Nausea and Vomiting in Pregnancy

About half of all women experience nausea and vomiting in the first few months of pregnancy, and about 50%–80% experience nausea only [27,28]. Although this condition is generally known as “morning sickness,” it often lasts throughout the day. The condition is not life threatening and typically goes away after 12–20 weeks, but its symptoms can disrupt a woman’s social and physical functioning.

Prospective studies on vitamin B6 supplements to treat morning sickness have had mixed results. In two randomized, placebo-controlled trials, 30–75 mg of oral pyridoxine per day significantly decreased nausea in pregnant women who were experiencing nausea [29,30]. The authors of a recent Cochrane review of studies on interventions for nausea and vomiting in pregnancy could not draw firm conclusions on the value of vitamin B6 to control the symptoms of morning sickness [28].

Randomized trials have shown that a combination of vitamin B6 and doxylamine (an antihistamine) is associated with a 70% reduction in nausea and vomiting in pregnant women and lower hospitalization rates for this problem [27,31].

The American Congress of Obstetrics and Gynecology (ACOG) recommends monotherapy with 10–25 mg of vitamin B6 three or four times a day to treat nausea and vomiting in pregnancy [31]. If the patient’s condition does not improve, ACOG recommends adding doxylamine. Before taking a vitamin B6 supplement, pregnant women should consult a physician because doses could approach the UL.

Health Risks from Excessive Vitamin B6

High intakes of vitamin B6 from food sources have not been reported to cause adverse effects [1]. However, chronic administration of 1–6 g oral pyridoxine per day for 12–40 months can cause severe and progressive sensory neuropathy characterized by ataxia (loss of control of bodily movements) [10,32-35]. Symptom severity appears to be dose dependent, and the symptoms usually stop if the patient discontinues the pyridoxine supplements as soon as the neurologic symptoms appear. Other effects of excessive vitamin B6 intakes include painful, disfiguring dermatological lesions; photosensitivity; and gastrointestinal symptoms, such as nausea and heartburn [1,2,32].

The scientific literature includes isolated case reports of congenital defects in the infants of women who took pyridoxine supplements during the first half of pregnancy [7]. However, a more recent observational study found no association between pyridoxine supplementation (mean dose 132.3 ± 74 mg/day) in pregnant women starting at 7 weeks gestation and continuing for 9 ± 4.2 weeks and teratogenic effects in the women’s infants [36].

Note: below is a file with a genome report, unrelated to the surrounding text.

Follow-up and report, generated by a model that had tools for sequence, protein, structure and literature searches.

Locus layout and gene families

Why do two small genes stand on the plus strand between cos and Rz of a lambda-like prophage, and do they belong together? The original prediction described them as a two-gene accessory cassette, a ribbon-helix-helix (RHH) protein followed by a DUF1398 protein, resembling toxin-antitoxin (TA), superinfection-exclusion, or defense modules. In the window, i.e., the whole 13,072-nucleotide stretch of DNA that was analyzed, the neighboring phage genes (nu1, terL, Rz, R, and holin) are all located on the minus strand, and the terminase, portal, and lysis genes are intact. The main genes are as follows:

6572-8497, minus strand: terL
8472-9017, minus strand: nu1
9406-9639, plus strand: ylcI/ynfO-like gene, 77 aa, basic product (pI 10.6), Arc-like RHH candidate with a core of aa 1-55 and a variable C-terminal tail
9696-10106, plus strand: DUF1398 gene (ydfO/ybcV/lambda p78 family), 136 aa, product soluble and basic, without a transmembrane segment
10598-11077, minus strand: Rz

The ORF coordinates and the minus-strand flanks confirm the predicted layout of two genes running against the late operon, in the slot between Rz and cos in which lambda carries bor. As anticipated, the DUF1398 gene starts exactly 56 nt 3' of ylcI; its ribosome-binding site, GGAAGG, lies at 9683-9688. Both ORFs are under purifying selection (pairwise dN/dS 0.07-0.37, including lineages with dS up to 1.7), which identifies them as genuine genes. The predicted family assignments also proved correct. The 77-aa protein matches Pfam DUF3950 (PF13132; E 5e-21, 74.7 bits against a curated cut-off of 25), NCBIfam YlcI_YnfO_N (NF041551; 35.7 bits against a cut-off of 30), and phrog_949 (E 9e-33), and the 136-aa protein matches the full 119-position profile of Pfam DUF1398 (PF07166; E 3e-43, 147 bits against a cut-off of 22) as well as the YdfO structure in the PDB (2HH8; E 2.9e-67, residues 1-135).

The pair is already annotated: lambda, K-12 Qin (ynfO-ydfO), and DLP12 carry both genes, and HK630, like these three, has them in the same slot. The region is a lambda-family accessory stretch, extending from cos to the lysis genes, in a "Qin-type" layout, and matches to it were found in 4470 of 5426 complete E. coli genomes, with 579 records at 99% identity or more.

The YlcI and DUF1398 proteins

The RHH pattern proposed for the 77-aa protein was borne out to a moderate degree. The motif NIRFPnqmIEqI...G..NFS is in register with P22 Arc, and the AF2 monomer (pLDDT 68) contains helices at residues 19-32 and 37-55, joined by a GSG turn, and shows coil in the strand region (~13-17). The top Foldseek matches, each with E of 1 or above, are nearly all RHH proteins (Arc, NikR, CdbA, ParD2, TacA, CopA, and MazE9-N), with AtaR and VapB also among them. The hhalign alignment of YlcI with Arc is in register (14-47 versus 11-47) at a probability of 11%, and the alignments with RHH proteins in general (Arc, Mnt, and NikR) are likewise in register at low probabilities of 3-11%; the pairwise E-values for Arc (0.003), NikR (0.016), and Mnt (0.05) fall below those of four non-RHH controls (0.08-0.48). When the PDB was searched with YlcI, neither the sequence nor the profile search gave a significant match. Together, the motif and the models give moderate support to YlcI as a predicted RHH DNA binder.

The FNB has established ULs for vitamin B6 that apply to both food and supplement intakes (Table 3) [1]. The FNB noted that although several reports show sensory neuropathy occurring at doses lower than 500 mg/day, studies in patients treated with vitamin B6 (average dose of 200 mg/day) for up to 5 years found no evidence of this effect. Based on limitations in the data on potential harms from long-term use, the FNB halved the dose used in these studies to establish a UL of 100 mg/day for adults. ULs are lower for children and adolescents based on body size. The ULs do not apply to individuals receiving vitamin B6 for medical treatment, but such individuals should be under the care of a physician.

Table 3: Tolerable Upper Intake Levels (ULs) for Vitamin B6 [1]
Age Male Female Pregnancy Lactation
Birth to 6 months Not possible to establish* Not possible to establish*    
7–12 months Not possible to establish* Not possible to establish*    
1–3 years 30 mg 30 mg    
4–8 years 40 mg 40 mg    
9–13 years 60 mg 60 mg    
14–18 years 80 mg 80 mg 80 mg 80 mg
19+ years 100 mg 100 mg 100 mg 100 mg

*Breast milk, formula, and food should be the only sources of vitamin B6 for infants.

Interactions with Medications

Vitamin B6 can interact with certain medications, and several types of medications might adversely affect vitamin B6 levels. A few examples are provided below. Individuals taking these and other medications on a regular basis should discuss their vitamin B6 status with their healthcare providers.